• Children with delayed language learn words and grammar much more slowly than other children. (
  • Most young children make significant progress in learning language during the first 4 years of life. (
  • 2006). Prevalence of disorders of the autism spectrum in a population cohort of children in South Thames: the special needs and autism project (SNAP). (
  • Language abilities in children who were very preterm and/or very low birth weight: a meta-analysis. (
  • Third culture kid (TCK) or third culture individual (TCI) are terms used to refer to children raised in a culture other than their parents' (or the culture of the country given on the child's passport, where they are legally considered native) for a significant part of their early development years. (
  • Children who have spent their early years in orphanages or foster care often have delays in speech or present with a more limited language ability than their same-age peers who have grown up in families. (
  • About 3% of preschool children and 2% of children ages 6 - 7 have the disorder. (
  • Sharp HM, Hillenbrand K. Speech and language development and disorders in children. (
  • Simms MD. Language disorders in children: classification and clinical syndromes. (
  • Current research in the field of child development and education emphasizes the importance of early investment in quality programming for young children and families. (
  • In general, the term SLI is reserved for children whose language difficulties persist into school age, and so it would not be applied to toddlers who are late to start talking, most of whom catch up with their peer group after a late start. (
  • Contemporary Perspectives on Facilitating Language Acquisition for Children on the Autistic Spectrum: Engaging the Parent and the Child. (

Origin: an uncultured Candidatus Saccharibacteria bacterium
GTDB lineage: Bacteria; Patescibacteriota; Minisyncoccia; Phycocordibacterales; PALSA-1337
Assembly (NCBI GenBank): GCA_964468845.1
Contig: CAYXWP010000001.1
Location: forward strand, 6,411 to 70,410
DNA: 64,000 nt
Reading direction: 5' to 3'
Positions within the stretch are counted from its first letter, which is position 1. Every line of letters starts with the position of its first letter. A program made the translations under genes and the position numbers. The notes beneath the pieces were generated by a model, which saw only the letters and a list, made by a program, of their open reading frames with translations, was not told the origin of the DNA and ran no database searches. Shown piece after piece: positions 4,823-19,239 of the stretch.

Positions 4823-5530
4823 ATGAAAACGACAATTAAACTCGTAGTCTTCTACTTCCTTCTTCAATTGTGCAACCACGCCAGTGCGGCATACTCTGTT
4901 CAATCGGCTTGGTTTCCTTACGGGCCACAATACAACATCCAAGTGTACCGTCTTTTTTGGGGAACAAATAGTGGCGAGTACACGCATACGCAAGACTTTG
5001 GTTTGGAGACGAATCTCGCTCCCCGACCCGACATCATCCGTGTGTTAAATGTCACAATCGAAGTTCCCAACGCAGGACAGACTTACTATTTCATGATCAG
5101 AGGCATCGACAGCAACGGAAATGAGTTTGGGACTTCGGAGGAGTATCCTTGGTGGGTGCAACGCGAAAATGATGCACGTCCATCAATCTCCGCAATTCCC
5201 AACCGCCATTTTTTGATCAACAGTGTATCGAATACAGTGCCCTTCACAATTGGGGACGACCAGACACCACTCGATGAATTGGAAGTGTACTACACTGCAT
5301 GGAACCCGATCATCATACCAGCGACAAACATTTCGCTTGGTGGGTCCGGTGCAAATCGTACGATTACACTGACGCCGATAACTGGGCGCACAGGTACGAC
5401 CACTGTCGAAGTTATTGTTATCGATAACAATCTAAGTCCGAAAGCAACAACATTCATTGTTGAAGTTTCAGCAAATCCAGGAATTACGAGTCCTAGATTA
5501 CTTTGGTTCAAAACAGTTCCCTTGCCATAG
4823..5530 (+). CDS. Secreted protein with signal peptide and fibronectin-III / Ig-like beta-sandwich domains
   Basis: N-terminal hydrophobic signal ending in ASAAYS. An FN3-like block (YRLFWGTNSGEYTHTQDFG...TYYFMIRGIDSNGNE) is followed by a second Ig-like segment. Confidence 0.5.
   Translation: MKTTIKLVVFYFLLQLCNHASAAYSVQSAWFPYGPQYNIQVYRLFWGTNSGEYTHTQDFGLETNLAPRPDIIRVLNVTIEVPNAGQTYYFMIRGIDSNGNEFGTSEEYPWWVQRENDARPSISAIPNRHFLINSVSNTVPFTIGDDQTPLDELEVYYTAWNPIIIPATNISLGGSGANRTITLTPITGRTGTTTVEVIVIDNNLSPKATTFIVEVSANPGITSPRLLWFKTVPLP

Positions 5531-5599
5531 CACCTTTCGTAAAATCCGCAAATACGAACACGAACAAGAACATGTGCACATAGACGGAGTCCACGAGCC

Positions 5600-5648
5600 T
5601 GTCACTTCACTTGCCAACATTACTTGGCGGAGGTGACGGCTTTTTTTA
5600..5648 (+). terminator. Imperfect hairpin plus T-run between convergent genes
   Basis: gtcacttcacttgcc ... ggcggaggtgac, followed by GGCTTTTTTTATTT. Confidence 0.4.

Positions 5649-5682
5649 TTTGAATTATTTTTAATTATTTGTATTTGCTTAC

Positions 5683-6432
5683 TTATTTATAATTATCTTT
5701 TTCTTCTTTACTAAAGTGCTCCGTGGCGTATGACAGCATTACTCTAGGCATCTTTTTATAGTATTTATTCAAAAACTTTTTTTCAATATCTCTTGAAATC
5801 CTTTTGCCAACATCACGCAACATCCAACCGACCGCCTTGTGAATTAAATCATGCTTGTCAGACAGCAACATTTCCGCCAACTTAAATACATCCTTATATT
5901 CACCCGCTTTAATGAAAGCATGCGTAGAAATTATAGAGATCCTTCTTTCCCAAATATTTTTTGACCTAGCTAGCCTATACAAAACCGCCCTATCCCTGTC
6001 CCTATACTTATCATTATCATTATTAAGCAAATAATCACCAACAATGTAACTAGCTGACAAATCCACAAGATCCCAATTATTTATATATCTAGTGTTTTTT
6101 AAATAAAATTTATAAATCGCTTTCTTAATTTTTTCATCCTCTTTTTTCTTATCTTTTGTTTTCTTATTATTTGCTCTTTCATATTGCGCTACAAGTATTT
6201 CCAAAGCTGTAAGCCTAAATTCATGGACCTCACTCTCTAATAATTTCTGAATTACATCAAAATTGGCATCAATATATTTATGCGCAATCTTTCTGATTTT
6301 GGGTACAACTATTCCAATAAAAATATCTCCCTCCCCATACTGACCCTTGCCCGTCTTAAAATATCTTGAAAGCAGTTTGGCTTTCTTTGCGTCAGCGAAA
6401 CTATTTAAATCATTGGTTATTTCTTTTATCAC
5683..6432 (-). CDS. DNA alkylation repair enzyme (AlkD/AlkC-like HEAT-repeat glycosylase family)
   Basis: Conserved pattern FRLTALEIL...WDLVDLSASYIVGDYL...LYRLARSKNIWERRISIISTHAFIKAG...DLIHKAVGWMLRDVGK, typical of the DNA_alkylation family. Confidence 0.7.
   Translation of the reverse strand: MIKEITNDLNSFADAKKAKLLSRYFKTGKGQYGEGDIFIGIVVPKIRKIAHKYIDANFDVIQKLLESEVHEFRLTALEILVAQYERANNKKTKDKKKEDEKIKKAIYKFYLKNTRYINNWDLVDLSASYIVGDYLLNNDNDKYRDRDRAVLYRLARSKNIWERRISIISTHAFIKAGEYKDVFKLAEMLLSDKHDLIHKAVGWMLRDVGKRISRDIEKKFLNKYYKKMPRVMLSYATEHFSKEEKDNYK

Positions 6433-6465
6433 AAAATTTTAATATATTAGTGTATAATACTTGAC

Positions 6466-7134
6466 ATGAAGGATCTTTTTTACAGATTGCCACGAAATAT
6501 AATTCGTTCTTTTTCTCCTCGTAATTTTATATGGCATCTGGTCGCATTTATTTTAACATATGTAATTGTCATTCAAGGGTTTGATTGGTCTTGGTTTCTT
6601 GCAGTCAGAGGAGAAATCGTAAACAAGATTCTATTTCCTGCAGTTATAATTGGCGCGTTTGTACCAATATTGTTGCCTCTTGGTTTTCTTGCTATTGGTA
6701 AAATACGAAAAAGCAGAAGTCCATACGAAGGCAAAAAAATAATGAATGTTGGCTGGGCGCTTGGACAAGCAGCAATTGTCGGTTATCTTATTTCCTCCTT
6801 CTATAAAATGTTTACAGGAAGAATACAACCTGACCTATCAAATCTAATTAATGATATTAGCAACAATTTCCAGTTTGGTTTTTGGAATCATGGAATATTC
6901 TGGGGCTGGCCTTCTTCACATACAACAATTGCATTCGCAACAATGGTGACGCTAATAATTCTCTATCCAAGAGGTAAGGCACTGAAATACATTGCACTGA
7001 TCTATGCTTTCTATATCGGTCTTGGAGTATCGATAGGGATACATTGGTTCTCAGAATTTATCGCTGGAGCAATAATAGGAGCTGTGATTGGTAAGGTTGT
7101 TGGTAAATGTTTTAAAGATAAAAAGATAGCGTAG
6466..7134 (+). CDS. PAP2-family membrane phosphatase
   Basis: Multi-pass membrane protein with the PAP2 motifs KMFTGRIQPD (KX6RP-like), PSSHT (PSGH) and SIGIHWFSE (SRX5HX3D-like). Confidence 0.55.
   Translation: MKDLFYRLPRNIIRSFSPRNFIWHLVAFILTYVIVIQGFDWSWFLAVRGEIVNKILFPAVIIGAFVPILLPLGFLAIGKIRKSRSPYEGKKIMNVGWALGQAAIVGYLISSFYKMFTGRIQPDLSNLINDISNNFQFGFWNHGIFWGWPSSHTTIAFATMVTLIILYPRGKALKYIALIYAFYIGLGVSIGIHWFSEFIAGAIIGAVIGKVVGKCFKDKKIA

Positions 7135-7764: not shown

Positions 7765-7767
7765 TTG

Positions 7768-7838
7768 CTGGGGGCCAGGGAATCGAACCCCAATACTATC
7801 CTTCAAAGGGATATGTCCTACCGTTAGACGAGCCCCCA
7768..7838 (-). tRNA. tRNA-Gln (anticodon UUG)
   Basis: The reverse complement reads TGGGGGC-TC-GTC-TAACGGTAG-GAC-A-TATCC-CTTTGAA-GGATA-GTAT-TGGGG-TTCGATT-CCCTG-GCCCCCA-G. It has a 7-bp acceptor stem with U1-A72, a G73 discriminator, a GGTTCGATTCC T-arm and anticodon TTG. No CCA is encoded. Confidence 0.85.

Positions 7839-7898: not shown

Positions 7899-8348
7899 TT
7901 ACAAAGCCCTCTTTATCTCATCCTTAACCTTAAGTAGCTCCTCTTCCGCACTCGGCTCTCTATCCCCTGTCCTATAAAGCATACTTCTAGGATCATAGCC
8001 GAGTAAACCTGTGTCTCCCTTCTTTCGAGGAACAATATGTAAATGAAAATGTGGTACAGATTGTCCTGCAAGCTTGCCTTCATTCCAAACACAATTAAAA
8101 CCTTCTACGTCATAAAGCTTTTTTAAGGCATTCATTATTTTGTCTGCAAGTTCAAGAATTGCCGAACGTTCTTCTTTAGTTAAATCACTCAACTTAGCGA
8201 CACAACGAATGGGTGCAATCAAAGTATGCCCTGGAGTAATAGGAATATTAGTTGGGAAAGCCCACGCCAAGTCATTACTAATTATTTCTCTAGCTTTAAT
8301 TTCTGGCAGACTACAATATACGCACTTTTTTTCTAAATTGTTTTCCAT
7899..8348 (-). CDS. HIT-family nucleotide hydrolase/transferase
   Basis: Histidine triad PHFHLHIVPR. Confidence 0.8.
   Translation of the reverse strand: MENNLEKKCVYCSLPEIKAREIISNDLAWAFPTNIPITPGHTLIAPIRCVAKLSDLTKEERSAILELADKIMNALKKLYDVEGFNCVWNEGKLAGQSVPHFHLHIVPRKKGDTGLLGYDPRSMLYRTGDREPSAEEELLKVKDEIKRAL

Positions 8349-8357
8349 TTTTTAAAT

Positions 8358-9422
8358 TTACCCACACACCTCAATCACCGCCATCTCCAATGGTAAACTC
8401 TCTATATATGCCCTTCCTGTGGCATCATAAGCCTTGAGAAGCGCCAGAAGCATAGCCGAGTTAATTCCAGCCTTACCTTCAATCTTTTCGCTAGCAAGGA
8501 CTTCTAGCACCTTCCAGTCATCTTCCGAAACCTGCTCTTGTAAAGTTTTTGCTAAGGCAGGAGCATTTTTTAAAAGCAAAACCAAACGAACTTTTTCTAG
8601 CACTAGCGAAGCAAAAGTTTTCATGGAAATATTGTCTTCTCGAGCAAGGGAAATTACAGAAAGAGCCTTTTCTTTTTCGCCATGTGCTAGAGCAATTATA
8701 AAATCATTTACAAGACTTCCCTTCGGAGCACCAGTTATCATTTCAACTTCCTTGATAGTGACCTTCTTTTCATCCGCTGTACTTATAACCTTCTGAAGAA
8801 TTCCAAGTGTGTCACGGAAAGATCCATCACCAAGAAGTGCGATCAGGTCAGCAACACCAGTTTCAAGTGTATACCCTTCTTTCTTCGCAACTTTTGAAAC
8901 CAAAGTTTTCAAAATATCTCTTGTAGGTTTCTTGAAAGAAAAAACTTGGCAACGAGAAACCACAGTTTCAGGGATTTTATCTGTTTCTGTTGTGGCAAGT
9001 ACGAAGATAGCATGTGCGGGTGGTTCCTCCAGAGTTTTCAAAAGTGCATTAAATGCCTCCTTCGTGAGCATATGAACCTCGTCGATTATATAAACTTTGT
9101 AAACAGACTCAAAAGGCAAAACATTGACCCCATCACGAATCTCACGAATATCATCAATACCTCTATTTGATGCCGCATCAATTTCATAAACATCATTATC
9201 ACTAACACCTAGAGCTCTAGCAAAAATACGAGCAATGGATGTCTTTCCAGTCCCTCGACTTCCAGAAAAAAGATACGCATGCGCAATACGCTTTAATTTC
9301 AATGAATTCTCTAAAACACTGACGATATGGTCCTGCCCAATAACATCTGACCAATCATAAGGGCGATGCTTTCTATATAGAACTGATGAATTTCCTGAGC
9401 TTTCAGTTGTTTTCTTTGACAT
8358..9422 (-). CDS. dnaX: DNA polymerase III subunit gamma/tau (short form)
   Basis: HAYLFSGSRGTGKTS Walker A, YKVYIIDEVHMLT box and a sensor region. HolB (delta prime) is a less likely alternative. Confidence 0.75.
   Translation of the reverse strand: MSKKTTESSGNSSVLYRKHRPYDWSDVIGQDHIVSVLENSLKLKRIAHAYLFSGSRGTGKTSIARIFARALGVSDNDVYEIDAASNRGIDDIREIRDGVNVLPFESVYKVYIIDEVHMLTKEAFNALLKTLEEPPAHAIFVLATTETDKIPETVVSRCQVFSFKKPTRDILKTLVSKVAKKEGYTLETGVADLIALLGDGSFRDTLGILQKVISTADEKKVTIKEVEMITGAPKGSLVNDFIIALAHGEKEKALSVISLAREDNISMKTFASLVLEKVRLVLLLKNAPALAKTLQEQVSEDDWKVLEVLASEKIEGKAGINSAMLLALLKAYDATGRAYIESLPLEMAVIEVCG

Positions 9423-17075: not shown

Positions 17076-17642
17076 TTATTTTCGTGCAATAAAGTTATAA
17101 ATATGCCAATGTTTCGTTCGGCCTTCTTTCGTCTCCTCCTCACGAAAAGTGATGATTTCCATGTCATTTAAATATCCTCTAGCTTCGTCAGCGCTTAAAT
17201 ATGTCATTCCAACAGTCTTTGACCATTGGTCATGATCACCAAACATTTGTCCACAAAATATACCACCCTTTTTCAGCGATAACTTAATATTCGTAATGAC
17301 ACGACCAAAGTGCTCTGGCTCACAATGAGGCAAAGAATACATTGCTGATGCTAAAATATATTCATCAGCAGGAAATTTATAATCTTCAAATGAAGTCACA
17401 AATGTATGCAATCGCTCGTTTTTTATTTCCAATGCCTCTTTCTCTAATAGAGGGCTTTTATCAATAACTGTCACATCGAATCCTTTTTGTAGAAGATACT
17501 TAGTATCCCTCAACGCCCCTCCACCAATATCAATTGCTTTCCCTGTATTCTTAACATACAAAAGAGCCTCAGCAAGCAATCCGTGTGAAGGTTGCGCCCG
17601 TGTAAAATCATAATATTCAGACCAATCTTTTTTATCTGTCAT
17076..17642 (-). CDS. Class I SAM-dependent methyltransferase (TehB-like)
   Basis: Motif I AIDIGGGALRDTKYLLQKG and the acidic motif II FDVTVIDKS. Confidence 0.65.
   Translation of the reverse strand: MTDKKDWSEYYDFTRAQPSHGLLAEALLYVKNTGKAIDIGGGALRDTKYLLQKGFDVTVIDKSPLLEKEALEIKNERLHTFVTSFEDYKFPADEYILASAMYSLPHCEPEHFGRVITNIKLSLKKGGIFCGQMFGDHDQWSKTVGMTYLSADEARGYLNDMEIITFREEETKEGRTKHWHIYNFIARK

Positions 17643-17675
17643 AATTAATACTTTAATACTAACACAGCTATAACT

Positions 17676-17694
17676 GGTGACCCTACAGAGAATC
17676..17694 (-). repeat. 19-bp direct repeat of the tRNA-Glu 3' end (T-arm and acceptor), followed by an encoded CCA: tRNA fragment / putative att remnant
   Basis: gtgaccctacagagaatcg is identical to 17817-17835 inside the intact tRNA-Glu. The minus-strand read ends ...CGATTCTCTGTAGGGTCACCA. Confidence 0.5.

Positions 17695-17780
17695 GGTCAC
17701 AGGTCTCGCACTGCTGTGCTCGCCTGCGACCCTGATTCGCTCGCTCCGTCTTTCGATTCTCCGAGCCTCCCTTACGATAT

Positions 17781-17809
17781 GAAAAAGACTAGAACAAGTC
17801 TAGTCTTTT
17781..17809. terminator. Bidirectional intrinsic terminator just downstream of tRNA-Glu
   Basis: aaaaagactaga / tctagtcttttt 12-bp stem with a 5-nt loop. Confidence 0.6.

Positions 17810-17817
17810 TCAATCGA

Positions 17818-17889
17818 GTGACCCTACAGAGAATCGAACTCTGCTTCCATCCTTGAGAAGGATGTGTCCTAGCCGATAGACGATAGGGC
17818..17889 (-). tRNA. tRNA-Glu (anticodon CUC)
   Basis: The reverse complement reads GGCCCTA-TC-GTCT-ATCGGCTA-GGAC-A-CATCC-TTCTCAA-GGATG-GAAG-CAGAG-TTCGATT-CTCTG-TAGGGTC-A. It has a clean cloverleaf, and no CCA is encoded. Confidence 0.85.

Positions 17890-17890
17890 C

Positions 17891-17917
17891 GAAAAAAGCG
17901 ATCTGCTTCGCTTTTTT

• Language Disorders in Children. (
  • The Use of Videotaped Self-Monitoring to Facilitate Interactive Intervention in Speech-Language Therapy in Preschool Children with Autism. (
  • Some speech-language pathologists specialize in working with specific age groups, such as children or the elderly. (
  • The careful direction provided by Newcombe steered Bishop towards cases of children with developmental language disorders. (
  • Though more research has been conducted, there is not a cohesive framework of research for specialists to rely on when assessing and diagnosing children with language disorders. (
  • For bilingual children who grow up in a bilingual environment, how their language developed through childhood influences the lexical size of both languages. (
  • Researchers showed that the basic process is same as with monolinguals, and bilingual children tend to learn the languages as two monolinguals. (
  • Bilinguals perform best on expressive function for both Spanish and English as predominantly-speaking children but performed differently in each language, which means they do not mirror performance in Spanish and English. (
  • Lexical development in children who learn their second language when their first language is already developed is different from that of children who grow up in a bilingual environment (i.e. simultaneous bilingualism). (
  • Taken from a measure of cerebral blood flow (SPECT) in phonemic discrimination tasks, children with mixed receptive-expressive language disorder do not exhibit the expected predominant left hemisphere activation. (
  • Studies show that low receptive and expressive language at young ages was correlated to increased autism symptom severity in children in their early school years. (
  • Below is a chart depicting language deficits of children on the Autistic Spectrum. (
  • This table indicates the lower levels of language processing, receptive/expressive disorders, which is more severe in children with autism. (
  • When autistic children speak, they are often difficult to understand, their language is sparse and dysfluent, they speak in single, uninflected words or short phrases, and their supply of words is severely depleted. (
  • Children who demonstrate deficiencies early in their speech and language development are at risk for continued speech and language issues throughout later childhood. (